The crypto market is extremely volatile, which means price swings are normal, and if you get spooked easily, you will lose money. Panic selling is a common mistake beginners make, where they first get into a market without much research and then, when faced with a sudden drop, sell to ‘cut their losses’.
The problem with this approach is that once you sell, you’ve actually lost money (you don’t lose until you sell), and while in some cases, cutting your losses does make sense, most coins will bounce back in days, if not hours, and then the same people, seeing a surge, buy back at higher prices, only to repeat the cycle. Buying high and selling low is a one-way ticket to going broke.
You found a good entry, and the price has gone up, what now? Do you book your profits and exit? Do you keep holding? If so, why? Most beginners don’t have any exit plans and just wing it as they go along, and in most cases, end up either losing their profits, or actually going into loss and have to hold the coins until they can break-even.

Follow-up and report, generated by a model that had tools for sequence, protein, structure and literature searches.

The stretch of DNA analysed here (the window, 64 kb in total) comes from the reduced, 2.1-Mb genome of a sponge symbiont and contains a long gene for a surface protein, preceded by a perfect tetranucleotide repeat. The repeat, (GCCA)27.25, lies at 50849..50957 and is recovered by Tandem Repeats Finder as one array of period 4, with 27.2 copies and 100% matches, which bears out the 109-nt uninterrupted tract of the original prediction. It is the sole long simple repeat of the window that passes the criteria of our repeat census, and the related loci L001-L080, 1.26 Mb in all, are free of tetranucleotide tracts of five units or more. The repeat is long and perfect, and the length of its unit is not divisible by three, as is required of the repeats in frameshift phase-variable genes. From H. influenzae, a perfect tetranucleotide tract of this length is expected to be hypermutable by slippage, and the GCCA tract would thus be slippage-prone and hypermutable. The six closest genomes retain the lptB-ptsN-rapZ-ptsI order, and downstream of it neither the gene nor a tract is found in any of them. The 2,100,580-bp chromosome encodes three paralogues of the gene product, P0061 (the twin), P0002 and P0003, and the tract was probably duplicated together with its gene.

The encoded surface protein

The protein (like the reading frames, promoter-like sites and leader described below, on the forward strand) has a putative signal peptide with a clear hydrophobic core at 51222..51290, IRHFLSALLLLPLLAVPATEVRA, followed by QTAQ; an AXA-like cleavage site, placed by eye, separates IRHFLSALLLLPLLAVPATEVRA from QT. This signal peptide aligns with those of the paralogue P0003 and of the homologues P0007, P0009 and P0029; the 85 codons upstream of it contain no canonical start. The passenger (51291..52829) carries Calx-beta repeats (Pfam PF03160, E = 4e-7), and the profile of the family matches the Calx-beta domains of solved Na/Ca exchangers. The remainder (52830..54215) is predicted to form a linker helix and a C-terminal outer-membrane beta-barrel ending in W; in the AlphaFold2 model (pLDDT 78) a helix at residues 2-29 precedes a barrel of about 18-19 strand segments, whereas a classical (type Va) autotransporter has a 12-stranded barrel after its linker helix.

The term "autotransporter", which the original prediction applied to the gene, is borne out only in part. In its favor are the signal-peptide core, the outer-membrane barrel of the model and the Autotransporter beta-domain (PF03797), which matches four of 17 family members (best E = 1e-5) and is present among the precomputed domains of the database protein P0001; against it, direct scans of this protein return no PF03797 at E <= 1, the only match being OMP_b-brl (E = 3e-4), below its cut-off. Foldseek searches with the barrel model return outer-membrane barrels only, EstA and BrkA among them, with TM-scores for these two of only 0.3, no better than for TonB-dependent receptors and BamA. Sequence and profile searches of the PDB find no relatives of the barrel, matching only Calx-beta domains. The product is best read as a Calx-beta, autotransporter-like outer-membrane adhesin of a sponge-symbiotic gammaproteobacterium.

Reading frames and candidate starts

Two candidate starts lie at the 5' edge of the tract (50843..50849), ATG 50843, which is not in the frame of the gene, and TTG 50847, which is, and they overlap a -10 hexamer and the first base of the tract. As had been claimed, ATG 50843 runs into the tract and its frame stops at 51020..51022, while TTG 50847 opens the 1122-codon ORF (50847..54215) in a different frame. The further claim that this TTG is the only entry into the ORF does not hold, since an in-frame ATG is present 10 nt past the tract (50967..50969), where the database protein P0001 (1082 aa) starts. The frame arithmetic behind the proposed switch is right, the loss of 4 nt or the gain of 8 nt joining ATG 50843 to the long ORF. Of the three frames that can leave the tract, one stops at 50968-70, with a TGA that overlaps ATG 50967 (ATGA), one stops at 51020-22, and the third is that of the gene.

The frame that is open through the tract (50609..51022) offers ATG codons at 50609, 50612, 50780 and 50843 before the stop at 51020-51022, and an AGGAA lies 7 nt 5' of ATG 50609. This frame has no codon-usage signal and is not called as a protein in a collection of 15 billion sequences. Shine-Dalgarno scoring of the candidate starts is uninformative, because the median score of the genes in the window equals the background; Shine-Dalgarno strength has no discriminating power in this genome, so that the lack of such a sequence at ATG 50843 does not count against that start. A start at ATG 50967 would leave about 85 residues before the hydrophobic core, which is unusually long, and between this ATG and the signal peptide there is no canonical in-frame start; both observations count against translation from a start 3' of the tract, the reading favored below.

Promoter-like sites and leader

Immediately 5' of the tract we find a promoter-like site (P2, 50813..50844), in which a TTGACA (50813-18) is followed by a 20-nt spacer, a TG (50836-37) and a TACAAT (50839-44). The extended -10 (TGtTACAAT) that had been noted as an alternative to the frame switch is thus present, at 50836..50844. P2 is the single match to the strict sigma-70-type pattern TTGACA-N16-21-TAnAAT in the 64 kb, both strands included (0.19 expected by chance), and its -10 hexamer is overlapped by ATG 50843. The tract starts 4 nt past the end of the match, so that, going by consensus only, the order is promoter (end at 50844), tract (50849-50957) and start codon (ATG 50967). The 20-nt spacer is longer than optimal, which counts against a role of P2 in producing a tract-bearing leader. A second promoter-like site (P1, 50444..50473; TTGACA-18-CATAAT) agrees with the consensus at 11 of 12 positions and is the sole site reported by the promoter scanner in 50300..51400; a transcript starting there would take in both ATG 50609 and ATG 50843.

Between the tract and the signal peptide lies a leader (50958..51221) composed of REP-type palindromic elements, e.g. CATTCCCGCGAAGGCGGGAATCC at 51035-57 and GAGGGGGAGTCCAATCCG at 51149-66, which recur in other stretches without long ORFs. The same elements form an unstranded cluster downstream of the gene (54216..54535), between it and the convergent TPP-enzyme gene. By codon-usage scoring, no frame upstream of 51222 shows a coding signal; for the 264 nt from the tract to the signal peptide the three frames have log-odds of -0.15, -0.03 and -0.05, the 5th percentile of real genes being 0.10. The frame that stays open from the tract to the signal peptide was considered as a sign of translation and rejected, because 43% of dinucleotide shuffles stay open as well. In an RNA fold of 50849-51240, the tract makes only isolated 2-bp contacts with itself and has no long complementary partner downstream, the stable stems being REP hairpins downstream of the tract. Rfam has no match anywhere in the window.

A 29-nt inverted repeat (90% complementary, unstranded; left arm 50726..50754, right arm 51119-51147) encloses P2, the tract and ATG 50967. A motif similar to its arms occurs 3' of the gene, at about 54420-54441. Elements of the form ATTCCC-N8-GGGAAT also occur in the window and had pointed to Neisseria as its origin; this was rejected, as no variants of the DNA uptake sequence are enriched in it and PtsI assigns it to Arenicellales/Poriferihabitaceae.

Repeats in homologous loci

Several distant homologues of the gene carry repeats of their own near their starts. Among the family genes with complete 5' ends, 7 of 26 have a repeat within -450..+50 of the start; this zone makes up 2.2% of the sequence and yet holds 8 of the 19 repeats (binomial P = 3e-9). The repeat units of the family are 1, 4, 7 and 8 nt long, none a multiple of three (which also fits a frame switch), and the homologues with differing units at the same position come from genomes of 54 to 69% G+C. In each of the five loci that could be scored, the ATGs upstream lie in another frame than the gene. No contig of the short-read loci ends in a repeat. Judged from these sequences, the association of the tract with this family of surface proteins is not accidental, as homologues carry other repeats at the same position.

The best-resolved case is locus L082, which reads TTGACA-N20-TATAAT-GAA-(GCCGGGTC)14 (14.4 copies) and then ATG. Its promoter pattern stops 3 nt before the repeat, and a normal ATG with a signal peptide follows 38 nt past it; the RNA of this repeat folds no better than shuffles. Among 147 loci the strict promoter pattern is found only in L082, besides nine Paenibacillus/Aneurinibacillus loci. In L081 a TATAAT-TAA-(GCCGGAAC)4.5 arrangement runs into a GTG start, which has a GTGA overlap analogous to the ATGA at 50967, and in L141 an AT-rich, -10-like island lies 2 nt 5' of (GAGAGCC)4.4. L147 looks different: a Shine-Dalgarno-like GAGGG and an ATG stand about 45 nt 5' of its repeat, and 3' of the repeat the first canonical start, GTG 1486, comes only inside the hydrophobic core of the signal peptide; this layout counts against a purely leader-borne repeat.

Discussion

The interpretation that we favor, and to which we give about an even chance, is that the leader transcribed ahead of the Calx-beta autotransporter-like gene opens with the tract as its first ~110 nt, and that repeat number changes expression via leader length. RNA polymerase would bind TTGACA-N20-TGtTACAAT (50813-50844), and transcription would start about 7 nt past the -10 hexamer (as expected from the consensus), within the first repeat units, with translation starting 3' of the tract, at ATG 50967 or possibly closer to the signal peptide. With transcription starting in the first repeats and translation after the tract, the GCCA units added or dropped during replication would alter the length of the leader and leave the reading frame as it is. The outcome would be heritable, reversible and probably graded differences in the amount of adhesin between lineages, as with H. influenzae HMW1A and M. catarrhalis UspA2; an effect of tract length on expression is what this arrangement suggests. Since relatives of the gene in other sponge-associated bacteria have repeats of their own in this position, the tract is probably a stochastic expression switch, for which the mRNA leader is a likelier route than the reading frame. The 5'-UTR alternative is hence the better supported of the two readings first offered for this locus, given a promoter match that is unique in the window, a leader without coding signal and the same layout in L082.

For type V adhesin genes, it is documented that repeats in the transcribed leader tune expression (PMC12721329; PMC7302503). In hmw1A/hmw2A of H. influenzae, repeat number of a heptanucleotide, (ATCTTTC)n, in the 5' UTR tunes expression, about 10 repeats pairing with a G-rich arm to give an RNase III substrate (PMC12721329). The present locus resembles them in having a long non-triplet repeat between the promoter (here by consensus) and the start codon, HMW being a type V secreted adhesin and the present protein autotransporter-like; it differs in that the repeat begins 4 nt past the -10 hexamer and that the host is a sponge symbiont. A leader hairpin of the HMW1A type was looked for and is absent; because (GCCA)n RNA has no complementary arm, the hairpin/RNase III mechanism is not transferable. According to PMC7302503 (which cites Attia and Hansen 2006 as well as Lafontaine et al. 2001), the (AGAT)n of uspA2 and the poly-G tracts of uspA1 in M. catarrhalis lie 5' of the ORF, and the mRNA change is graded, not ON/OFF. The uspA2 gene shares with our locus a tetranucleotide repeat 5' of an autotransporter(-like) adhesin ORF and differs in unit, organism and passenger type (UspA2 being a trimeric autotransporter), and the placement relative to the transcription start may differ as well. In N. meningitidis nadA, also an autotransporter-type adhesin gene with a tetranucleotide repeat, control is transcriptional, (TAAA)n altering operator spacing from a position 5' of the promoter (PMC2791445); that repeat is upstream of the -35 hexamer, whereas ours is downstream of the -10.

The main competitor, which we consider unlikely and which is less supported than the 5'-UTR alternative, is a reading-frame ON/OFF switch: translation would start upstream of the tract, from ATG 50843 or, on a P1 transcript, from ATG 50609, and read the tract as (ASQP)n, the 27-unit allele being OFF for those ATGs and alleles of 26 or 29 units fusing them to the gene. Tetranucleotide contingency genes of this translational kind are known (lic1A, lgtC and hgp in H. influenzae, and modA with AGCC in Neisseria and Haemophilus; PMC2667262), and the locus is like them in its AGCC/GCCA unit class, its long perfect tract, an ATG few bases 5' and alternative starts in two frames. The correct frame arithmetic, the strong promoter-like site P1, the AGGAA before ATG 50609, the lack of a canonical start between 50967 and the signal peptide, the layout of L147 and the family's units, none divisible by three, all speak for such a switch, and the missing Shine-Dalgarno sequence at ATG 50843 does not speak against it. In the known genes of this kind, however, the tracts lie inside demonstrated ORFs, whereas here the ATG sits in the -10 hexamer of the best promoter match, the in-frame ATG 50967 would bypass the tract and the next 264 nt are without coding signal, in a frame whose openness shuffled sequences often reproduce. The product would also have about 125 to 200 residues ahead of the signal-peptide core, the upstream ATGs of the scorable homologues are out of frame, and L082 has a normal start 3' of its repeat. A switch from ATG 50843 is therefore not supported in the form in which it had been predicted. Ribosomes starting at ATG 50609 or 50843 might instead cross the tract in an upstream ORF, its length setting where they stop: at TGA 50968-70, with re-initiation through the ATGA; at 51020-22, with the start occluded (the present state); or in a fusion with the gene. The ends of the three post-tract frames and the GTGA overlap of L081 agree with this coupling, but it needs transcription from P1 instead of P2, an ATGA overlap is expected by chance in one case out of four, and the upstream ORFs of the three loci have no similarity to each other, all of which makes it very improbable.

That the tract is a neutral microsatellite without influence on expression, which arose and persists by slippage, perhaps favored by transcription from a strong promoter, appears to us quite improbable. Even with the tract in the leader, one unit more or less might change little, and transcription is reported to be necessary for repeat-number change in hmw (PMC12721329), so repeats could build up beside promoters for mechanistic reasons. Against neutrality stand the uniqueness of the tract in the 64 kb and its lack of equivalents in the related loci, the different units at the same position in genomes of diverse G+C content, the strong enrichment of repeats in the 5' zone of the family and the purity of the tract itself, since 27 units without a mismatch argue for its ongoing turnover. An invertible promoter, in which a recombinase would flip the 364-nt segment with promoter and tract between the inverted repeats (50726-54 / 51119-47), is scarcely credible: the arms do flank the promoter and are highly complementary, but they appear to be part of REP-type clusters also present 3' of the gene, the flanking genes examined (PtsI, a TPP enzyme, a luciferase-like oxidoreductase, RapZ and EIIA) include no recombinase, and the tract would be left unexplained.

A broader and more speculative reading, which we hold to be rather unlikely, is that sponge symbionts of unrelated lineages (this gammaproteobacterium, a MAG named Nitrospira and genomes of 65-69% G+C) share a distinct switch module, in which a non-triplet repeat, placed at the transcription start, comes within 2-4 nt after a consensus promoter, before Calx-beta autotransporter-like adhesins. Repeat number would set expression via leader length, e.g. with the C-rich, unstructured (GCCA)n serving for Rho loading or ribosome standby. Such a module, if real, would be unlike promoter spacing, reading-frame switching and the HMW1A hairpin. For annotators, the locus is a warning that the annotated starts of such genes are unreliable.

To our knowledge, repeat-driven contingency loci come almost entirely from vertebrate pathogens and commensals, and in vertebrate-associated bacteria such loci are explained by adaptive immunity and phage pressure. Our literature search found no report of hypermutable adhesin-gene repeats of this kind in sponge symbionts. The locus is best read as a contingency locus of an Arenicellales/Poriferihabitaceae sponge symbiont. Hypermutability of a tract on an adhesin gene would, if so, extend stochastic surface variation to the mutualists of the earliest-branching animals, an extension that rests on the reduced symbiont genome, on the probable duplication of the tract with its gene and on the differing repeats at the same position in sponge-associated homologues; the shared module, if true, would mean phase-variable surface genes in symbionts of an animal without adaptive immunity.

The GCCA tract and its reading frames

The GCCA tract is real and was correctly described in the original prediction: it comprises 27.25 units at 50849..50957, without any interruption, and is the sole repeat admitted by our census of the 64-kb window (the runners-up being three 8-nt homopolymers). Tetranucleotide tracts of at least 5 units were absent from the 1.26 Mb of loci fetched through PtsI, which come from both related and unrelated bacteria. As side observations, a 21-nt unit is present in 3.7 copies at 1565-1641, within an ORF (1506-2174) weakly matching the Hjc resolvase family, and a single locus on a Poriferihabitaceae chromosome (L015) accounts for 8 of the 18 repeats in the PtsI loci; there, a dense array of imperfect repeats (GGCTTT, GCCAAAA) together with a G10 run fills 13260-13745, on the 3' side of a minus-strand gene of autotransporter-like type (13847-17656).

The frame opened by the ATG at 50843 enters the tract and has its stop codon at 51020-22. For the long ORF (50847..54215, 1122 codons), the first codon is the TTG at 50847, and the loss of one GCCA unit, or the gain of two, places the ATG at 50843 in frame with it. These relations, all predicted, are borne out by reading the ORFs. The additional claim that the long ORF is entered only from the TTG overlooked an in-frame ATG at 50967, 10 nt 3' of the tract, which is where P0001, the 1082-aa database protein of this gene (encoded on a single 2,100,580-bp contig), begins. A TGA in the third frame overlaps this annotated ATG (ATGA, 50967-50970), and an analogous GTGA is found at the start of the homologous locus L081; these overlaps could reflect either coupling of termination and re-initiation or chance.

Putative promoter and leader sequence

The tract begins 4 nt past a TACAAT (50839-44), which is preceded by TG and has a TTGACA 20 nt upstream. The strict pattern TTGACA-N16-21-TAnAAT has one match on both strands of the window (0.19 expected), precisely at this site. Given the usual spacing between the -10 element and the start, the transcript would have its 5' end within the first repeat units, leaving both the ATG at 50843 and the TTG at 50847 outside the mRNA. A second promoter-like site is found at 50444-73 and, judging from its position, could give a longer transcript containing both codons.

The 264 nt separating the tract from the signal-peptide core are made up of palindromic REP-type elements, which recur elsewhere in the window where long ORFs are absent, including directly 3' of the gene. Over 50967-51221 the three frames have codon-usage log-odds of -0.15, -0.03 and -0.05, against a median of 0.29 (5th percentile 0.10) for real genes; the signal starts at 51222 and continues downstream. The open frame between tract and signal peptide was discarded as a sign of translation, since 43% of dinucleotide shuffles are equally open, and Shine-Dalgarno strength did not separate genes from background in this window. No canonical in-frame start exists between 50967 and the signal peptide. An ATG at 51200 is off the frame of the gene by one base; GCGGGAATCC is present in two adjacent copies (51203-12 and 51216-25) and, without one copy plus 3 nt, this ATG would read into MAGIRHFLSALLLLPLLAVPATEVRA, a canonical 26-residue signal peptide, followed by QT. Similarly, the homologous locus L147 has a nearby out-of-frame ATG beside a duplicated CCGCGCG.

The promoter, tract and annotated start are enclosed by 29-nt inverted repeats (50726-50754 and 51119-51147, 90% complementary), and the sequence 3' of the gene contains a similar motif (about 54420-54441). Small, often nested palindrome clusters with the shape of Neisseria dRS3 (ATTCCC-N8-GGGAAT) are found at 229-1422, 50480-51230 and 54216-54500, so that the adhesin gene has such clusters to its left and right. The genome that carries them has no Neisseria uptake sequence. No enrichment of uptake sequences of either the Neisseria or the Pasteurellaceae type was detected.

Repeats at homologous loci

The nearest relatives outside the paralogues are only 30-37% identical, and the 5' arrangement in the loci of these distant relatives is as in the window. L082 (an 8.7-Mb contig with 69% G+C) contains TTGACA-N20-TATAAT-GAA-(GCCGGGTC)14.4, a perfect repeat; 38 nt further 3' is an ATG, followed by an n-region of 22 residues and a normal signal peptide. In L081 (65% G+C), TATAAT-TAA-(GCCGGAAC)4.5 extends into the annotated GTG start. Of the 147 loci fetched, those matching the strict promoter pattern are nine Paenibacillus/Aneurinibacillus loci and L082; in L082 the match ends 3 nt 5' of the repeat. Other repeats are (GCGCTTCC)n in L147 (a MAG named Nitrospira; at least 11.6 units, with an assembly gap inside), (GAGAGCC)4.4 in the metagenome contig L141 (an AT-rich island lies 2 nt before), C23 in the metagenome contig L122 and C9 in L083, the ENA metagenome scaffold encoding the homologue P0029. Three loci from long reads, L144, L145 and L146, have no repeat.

As I said earlier, if you are buying to hold long-term, you are not trading, but if you are trading, you should have an exit plan, where you book your profits and move on.
Granted, at times you may see the price going higher after you take profits, but as a trader, you need to expect that. One very effective strategy however, is to sell in stages instead of selling all your coins in one go. This way, you give up a percentage of immediate profits to have a chance at riding the surge higher.
This year alone, Bitcoin has gone from $1,000 to $20,000, which is an obviously impressive gain. Ethereum and Litecoin have also recorded similarly massive returns, but not every coin can, or will, follow the same path.
Some coins, either due to their large supply, or a host of other factors, are relegated to certain price ranges (for example Ripple), and investing in coins, hoping for 2,000% or 4,000% gains is not a sound plan.
As a trader, you need to understand the specifics of each coin that you trade, and that includes its price history and reasonable future projections, so you can plan your trades accordingly.
No coin will go up forever, even Bitcoin has very good days, and then some really rough ones. The crypto space is ever-changing and evolving, with new opportunities coming up every day. If you believe in a coin, holding it for long-term returns is a good approach, but if you are looking to make money by trading, you cannot have emotional attachments with any coin.
When Bitcoin is dropping from $20,000 to $12,000, it is hardly smart to keep holding on to it. Similarly, if a coin is surging ahead of an important announcement, you can easily double or even triple your investment with it, instead of holding Bitcoin at $20,000, expecting a $500 gain.